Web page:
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Autonomy On The Electronic Frontier: An Invitation To Debate The Future


Virginia Gold

The Association for Computing Machinery


Montreal - April 17, 2007

WHAT: Conference on Computers, Freedom and Privacy
sponsored by ACM

  • Computing and the Internet: Armchair Discussion
  • Where People and the Surveillance Society Collide
  • Electronic Voting Integrity
  • Online Speech and the Digital Millennium Copyright Act
  • 10 Years of Internet Content Regulation in Europe: Empowering or Infantilizing Citizens?
  • Only the DOJ Knows: the Secret Law of Electronic Surveillance
  • Suspicionless Surveillance and the U.S. Government
  • Ubiquitous Computing in the Retail Store of the Future
  • Digital Identity on the Internet: Boon or Nightmare?
  • Data Mining, Data Integrity, Data Fusion, Data Management
  • Big Brother Awards presented by Privacy International
  • Salon with CFP Innovators Ron Rivest and Whitfield Diffie

WHEN: May 1-4, 2007 - Complimentary press registration (except meals) at

WHERE: Hilton Montréal Bonaventure, 900 de la Gaucheteriere W., H5A 1E4Montreal, Canada

WHO: More than 50 opinion leaders and keynote speakers. May 2: Kenneth Mortensen, U.S. Dept. of Homeland Security on why Your Reputation Precedes You; and Nicole Ozer, ACLU, on why Hot Spots are Chilly for Free Speech; Tim Edgar, US National Intelligence Director's Office, on No Fly Lists in the US and Canada; and Simon Davies, Privacy International on The Year That Was; May 3: Kim Cameron, Microsoft, on Reinventing Identity on the Internet; Michael Geist, University of Ottawa on the Future of the Internet; AOL Chief Privacy Officer Jules Polonetsky on Spyware and Stalking; and Lee Tien, Electronic Frontier Foundation on the U.S. Government's Suspicionless Surveillance Program; May 4: Security Guru Bruce Schneier on Fear and Security; Peter Neumann of SRI and Barbara Simons, ACM Past President on Electronic Voting Integrity.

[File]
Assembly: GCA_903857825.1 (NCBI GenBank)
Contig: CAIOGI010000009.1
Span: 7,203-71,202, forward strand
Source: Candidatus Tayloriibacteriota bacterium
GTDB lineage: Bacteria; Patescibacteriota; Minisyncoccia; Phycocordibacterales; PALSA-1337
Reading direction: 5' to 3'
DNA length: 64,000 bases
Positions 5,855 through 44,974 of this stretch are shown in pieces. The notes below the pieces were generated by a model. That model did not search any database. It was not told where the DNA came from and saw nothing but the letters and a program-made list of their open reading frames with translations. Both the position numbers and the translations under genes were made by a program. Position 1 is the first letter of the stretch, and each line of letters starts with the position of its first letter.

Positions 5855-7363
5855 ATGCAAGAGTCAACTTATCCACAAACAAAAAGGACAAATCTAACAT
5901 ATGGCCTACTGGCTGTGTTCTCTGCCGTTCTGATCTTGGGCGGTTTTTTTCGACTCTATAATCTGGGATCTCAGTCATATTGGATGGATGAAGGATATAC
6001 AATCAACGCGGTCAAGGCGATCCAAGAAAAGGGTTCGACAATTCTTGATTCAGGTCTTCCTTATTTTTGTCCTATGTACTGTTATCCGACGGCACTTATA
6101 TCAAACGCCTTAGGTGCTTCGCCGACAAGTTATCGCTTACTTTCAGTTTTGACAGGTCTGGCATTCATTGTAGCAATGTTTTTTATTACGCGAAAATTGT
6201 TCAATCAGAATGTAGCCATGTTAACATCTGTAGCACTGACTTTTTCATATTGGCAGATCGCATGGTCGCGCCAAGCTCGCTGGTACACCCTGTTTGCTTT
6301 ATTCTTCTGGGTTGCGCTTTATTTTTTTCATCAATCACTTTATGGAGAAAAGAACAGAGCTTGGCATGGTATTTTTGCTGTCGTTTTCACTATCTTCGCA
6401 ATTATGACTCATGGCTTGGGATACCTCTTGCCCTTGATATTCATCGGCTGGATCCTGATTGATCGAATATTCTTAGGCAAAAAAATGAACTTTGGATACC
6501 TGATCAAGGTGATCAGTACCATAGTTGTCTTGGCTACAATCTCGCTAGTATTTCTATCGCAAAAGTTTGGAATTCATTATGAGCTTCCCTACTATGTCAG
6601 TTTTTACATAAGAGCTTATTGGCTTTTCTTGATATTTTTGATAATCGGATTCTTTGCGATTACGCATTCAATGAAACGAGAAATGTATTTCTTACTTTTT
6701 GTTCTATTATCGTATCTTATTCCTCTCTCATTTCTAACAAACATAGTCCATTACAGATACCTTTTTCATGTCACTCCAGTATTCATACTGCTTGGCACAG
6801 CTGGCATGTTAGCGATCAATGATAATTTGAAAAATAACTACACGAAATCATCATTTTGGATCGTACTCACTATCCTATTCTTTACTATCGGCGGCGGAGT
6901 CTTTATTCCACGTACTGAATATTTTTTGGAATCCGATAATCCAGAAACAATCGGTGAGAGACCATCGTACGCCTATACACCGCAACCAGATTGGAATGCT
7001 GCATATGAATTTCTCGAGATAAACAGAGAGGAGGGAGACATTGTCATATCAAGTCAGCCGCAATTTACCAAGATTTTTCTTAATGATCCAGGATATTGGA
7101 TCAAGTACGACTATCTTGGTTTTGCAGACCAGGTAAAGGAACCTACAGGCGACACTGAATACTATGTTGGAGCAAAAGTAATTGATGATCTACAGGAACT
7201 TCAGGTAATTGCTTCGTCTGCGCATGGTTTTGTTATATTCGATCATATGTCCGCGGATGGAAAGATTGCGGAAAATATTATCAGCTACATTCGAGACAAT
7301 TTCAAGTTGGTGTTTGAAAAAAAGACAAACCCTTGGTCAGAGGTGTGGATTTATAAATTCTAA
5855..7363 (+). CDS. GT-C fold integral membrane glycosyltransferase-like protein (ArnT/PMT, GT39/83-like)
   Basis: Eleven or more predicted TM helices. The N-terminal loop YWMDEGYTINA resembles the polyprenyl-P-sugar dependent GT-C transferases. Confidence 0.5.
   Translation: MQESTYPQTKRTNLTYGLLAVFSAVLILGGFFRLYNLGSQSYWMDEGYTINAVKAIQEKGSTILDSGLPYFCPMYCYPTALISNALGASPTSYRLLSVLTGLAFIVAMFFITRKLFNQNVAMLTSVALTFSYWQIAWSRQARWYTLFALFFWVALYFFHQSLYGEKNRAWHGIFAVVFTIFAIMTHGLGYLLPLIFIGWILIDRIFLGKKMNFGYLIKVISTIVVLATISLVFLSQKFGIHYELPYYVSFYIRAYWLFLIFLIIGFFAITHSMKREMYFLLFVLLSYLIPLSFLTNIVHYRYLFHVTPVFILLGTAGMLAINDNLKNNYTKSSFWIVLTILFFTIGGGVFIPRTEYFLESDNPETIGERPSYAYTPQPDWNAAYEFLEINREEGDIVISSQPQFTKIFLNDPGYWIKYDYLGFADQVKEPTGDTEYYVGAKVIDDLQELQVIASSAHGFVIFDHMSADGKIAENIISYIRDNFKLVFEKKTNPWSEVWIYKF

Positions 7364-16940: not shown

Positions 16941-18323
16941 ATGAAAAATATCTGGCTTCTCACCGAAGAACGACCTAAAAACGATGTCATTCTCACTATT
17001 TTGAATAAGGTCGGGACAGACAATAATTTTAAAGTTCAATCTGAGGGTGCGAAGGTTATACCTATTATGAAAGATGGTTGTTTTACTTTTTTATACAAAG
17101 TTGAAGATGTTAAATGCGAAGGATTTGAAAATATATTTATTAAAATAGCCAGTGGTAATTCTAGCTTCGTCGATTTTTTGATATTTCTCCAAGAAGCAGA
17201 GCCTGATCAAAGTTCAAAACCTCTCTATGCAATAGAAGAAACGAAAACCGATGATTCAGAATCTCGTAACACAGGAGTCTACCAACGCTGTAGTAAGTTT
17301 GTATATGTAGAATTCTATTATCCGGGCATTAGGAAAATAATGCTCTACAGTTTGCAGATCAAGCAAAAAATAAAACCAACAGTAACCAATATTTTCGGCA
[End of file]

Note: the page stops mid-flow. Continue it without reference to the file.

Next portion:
WHY: We are moving to a world of ubiquitous surveillance, faster than anyone could have imagined. Since the events of September 11, 2001, citizens in developed countries, especially North Americans, have been asked to give up a little privacy, a little liberty, in the interests of safety. How can democracies survive the reality of constant surveillance of their own citizens? Can a democratic state exercise autonomy in this environment? CFP2007 presents expert panels, renowned speakers, and rousing sessions to wrestle with the pressures on autonomy and fundamental freedoms on the electronic frontier.

About Computers, Freedom and Privacy
CFP ( is the leading Internet policy conference, shaping the public debate on the future of privacy and freedom in the online world for 17 years. The CFP audience is as diverse as the net itself, with participants from government, law enforcement, business, and education, including computer professionals, hackers and engineers, non-profits, and the media. CFP is the place where the future is mapped.

About ACM
ACM, the Association for Computing Machinery, is an educational and scientific society uniting the world's computing educators, researchers and professionals to inspire dialogue, share resources and address the field's challenges. ACM strengthens the profession's collective voice through strong leadership, promotion of the highest standards, and recognition of technical excellence. ACM supports the professional growth of its members by providing opportunities for life-long learning, career development, and professional networking.

ACM/Press Release. Last updated April 17, 2007 by Steven Geringer